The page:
NRC seeks alternatives for cesium chloride, tightens radiation source security
The Nuclear Regulatory Commission (NRC) has directed agency staff to continue enhancing the security of cesium chloride radiation sources, while encouraging research and further technological developments for alternative chemical forms of cesium-137.

Concern over the security of these sources has led some people to advocate banning cesium chloride altogether; however, the commission said it believes that near-term replacement of cesium chloride sources in existing blood, research, and calibration irradiators is not practicable and would be harmful to the delivery of medical care, research and emergency response capabilities.

"Banning or phasing-out cesium chloride radiation sources at this time--before a replacement form or other technology is available--would be counterproductive, because society would lose the many benefits these sources provide in medicine, industry and research," said NRC's Chairman Dale E. Klein.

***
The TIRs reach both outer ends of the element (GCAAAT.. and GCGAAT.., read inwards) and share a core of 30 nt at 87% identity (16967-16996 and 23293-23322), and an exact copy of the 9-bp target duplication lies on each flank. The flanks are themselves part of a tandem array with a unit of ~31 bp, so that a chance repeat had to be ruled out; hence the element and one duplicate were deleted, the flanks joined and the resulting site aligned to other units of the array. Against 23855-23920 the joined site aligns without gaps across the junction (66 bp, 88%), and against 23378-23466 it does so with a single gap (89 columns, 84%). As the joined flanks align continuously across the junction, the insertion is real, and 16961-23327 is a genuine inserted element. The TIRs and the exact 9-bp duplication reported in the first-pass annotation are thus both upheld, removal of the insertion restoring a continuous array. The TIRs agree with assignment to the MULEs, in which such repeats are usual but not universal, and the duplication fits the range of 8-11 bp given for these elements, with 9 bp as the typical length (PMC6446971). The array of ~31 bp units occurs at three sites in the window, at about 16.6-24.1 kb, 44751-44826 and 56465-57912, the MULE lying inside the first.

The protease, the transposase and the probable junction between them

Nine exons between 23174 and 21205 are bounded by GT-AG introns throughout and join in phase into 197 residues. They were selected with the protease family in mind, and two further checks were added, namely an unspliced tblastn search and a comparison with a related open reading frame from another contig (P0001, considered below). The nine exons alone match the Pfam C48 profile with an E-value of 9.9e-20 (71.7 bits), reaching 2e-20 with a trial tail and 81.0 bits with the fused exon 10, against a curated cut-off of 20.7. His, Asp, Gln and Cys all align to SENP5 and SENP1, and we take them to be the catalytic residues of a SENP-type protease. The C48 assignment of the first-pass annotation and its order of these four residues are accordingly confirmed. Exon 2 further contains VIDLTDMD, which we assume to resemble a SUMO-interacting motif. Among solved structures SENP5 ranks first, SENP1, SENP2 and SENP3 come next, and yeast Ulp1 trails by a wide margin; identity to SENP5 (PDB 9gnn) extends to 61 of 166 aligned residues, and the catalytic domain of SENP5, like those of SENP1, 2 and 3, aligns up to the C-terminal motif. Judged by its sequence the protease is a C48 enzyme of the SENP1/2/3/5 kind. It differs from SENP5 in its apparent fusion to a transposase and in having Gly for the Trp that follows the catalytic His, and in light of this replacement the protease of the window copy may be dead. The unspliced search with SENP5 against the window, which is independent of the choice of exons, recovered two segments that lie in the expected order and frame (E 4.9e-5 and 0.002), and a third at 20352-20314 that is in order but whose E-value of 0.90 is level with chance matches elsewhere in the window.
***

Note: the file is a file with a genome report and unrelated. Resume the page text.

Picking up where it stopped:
Security controls already implemented over the past several years have significantly improved the security of these sources, the NRC stated. However, it directed the staff to continue exploring new ways to further improve security, including working with federal and state agencies to define criteria for a "dispersible source of concern" that could then be used to guide research efforts to develop an alternative form of cesium.

The staff was also directed to develop a policy statement detailing the NRC's emphasis on security of cesium chloride sources, which fall into the International Atomic Energy Agency's Categories 1 and 2, and are widely used in irradiators to sterilize human blood, in bio-medical and industrial research, and for calibration of radiation instrumentation and dosimetry.